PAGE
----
Vicky Lau

“Every restaurant has its own story.” Vicky Lau wants Hong Kong visitors to explore the city’s culinary narrative, from regional Chinese cooking to modern dim sum. A graphic communications graduate, Lau discovered food to be a strong platform for artistic expression and opened her tasting menu restaurant Tate Dining Room in 2012. One year after opening it was awarded one Michelin star, and in 2015 Lau was named Asia’s Best Female Chef by World’s 50 Best Restaurants.
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My Favourite Roast Goose

I love the roast goose at Kam’s Roast Goose. There are a lot of roast goose restaurants in Hong Kong – and I enjoy a lot of them – but most of them don’t pay attention to the rice. It’s sometimes too soggy, but Kam’s does an amazing job. The goose is really juicy, and guests are served a lot of juice which is delicious with the rice. You also get traditional garnishes too, like pickled vegetables and boiled peanuts that have been soaked in soy sauce.

Old-School Cantonese Cooking

崩牙成 is a very traditional restaurant that has been handed down through generations. I remember the father of the current chef cooked at an event for my grandfather once. Just like back in the old days, he only brought a wok and simply cooked with this alone. This is how his son still does it today. He still uses the very old and traditional metal tins that hold charcoal to heat the wok. He cooks fried rice in the wok using heat from the charcoal which is very unique (most people these days use gas). It’s a highlight because the rice absorbs all the flavour from the charcoal giving it an intense smoky flavour. The chef also uses charcoal as a heating system to steam fish. He’s one of only a few people cooking like this that I know of. All chefs will know how hard it is to maintain heat using charcoal and that it’s impossible to replicate the flavour. Nowadays, this flavour is very hard to find in traditional Cantonese food. I also like Seventh Son a lot. It’s traditional Cantonese recipes but with a kind of modern take. It’s just done right, and the quality is amazing.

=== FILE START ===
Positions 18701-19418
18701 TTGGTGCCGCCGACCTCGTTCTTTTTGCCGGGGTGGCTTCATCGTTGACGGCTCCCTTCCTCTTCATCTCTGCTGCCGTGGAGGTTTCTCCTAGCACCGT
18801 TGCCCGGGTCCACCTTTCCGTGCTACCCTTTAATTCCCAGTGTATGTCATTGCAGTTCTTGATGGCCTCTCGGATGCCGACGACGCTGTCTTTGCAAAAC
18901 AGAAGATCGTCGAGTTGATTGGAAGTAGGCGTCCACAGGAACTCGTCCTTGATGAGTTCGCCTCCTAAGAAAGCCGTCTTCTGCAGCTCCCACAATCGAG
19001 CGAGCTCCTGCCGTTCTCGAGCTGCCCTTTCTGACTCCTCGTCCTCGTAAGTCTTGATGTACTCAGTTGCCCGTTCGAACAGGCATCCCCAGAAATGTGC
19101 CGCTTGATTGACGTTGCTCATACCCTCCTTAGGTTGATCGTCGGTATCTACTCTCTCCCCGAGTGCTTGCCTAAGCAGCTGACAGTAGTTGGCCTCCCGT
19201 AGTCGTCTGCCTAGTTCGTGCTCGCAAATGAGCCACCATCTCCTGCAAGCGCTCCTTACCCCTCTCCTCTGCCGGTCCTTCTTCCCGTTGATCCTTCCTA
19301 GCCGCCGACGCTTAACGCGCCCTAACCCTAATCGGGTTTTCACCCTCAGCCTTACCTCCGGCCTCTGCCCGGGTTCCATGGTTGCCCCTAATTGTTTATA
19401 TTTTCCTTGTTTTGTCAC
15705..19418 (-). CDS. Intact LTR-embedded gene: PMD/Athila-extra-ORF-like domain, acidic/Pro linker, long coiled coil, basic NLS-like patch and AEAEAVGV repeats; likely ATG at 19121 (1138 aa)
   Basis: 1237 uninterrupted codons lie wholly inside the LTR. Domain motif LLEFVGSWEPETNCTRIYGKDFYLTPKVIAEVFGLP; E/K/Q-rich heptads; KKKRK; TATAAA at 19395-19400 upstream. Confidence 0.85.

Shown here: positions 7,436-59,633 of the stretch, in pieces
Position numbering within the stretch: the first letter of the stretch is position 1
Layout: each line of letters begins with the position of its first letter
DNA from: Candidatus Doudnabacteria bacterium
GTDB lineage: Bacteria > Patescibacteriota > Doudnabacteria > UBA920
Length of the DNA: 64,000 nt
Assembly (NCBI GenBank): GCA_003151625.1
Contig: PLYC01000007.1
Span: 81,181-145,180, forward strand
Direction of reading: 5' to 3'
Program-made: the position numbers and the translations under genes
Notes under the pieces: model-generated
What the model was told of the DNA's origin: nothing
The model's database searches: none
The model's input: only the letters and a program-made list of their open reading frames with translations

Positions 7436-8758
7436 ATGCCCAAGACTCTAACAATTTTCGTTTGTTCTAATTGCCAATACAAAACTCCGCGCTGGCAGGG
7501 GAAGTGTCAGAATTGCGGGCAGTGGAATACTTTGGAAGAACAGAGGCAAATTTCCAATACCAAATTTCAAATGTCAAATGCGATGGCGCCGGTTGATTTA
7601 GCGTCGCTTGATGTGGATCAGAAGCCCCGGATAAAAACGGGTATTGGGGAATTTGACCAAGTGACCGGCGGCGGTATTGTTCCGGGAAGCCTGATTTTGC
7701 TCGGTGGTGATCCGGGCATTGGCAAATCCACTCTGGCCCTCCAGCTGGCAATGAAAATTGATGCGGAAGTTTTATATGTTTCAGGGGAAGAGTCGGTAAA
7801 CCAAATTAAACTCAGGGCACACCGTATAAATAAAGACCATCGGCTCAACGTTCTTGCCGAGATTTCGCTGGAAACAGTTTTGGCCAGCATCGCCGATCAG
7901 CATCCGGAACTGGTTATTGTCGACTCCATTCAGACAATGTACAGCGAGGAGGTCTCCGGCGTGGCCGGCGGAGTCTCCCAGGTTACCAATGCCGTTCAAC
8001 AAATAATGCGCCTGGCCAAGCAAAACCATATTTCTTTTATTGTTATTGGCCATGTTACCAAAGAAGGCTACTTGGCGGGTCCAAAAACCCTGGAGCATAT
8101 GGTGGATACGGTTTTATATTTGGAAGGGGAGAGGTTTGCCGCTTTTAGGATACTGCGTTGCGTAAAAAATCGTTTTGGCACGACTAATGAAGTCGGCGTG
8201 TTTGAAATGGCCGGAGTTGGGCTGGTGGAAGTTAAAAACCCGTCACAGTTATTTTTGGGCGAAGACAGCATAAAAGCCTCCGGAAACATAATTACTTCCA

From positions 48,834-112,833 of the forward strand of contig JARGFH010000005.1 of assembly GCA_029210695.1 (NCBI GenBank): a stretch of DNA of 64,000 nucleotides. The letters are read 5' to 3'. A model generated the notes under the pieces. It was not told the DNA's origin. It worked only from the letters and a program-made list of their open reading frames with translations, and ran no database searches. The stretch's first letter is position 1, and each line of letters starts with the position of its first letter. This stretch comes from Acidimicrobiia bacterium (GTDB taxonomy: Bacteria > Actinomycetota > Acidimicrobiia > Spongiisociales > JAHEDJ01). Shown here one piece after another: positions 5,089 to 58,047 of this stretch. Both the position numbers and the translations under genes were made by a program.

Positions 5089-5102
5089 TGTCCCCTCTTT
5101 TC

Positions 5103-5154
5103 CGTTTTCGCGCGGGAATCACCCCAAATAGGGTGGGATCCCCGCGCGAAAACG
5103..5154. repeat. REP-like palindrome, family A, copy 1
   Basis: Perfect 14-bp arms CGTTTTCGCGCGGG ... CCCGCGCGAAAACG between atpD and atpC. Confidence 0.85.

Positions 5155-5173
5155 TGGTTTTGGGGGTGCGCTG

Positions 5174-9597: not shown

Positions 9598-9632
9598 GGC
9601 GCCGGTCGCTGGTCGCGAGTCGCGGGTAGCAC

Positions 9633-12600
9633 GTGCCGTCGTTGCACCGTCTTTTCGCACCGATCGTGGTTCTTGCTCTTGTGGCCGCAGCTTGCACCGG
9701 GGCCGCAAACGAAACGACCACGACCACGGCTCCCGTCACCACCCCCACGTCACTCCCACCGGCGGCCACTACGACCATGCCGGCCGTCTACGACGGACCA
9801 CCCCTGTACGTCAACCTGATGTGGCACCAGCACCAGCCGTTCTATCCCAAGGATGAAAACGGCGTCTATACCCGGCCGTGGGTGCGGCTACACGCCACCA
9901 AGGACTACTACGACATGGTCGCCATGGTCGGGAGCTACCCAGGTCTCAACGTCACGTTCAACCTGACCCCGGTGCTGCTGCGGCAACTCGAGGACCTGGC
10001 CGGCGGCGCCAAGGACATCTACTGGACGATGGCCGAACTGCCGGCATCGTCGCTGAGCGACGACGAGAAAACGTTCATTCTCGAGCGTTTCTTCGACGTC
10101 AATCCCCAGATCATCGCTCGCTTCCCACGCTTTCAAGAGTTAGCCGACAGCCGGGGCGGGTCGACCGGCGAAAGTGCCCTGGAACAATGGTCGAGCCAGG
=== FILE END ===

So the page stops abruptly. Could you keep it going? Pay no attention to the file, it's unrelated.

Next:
Hong Kong’s Best Seafood Restaurants